From the outset, Everyone Together’s preliminary scene draws you in—the outlandish costuming, the unique setting, and the deliberate overacting by its main stars—all establish an off-balanced tone, in this pilot for a proposed episodic series, centering on a dysfunctional family’s search for love. Screenwriter Kelsey Ledgin’s main intention is to keep viewers from regaining that balance, as the characters’ outrageous behavior continues at an unsteady gait.
Lulu (Jessica Kaye) feels an obligation to support her younger sister Fern (Emily Ruth James) by attending Fern’s week-long wedding celebration. Lulu’s annoyance is made clear as Eli (Iman Nazemzadeh) the groom is her ex-boyfriend’s younger brother, Daniel, (Reza Sixo Safai). Martin (Steven Klein), the girls’ brother, has his own contentious issues surrounding the celebration as his estranged wife Caroline (Samantha Sloyan) will be attending. Relationships rife for creating emotional chaos at a family gathering of any sort.
Once the festivities are underway, we meet the effervescent Gigi, the matriarch of the family (portrayed remarkably by Gigi Bermingham) and her husband, Brian, the family patriarch (John Apicella) whose performance as the plot dictates is both comical and somber. The familial dysfunction originates with Gigi and Brian, as they both offer reflections, redemption, and gratitude in their highly personal wedding toast to their stunned family and guests.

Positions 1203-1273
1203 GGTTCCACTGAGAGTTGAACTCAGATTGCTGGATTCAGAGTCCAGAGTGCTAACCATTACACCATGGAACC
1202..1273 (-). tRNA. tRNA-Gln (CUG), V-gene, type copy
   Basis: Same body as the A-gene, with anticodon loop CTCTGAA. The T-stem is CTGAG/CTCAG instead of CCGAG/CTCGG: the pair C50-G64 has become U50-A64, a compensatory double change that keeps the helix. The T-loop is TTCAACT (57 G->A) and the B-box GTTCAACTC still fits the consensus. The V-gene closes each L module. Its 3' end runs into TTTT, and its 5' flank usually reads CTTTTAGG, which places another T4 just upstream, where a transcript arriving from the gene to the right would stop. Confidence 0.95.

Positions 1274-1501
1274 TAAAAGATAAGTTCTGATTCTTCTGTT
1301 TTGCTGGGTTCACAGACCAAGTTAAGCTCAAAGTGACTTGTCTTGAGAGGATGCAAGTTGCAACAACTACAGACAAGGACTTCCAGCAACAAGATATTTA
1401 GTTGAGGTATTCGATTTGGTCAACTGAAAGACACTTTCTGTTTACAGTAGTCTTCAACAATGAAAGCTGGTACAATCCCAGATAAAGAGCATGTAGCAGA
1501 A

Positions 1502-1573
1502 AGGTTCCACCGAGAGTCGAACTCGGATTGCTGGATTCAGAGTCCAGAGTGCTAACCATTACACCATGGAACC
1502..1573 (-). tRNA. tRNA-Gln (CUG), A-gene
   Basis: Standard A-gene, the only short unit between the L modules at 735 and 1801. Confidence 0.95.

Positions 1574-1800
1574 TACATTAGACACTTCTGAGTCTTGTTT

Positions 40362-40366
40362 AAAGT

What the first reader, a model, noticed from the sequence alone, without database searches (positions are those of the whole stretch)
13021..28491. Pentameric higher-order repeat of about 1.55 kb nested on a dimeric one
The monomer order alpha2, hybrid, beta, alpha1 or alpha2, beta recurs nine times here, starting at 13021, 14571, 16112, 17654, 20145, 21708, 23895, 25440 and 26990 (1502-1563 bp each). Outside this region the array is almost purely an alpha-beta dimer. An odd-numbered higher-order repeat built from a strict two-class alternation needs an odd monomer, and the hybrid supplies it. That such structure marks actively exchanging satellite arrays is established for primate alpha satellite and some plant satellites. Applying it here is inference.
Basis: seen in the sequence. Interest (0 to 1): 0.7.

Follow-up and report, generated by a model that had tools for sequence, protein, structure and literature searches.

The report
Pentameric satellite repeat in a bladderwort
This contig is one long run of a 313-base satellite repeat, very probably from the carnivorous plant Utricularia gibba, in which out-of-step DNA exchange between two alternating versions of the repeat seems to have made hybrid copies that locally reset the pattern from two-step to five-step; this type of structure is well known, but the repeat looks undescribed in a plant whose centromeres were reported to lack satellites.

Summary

Cleverly written, offering bold choices in directing by Lauren Ludwig, such as the opening scene as well as the father and son scenes between Martin and his teen son, Ethan (portrayed impressively by Matthew Garbacz).
As a potential series, Everyone Together presents intriguing characters that audiences would enjoy observing throughout their growth and development as new situations are presented. The strong cast feels natural and relaxed, yet when it comes to battle, it’s ‘no holds barred.’
The adult themes of sex, betrayal, and jealousy, are explored along with the guiding moral compass of Caroline, as she pleads for her son’s emotional well-being with an immature Martin. Lulu, the wildcard, offers a plethora of entertaining situations, as she’s apt to try most anything to find true love. Audiences will eagerly look ahead to her future escapades.
The entertaining, comical, and realistic script aided by a strong, seasoned cast warrant the green light for more episodes of Everyone Together.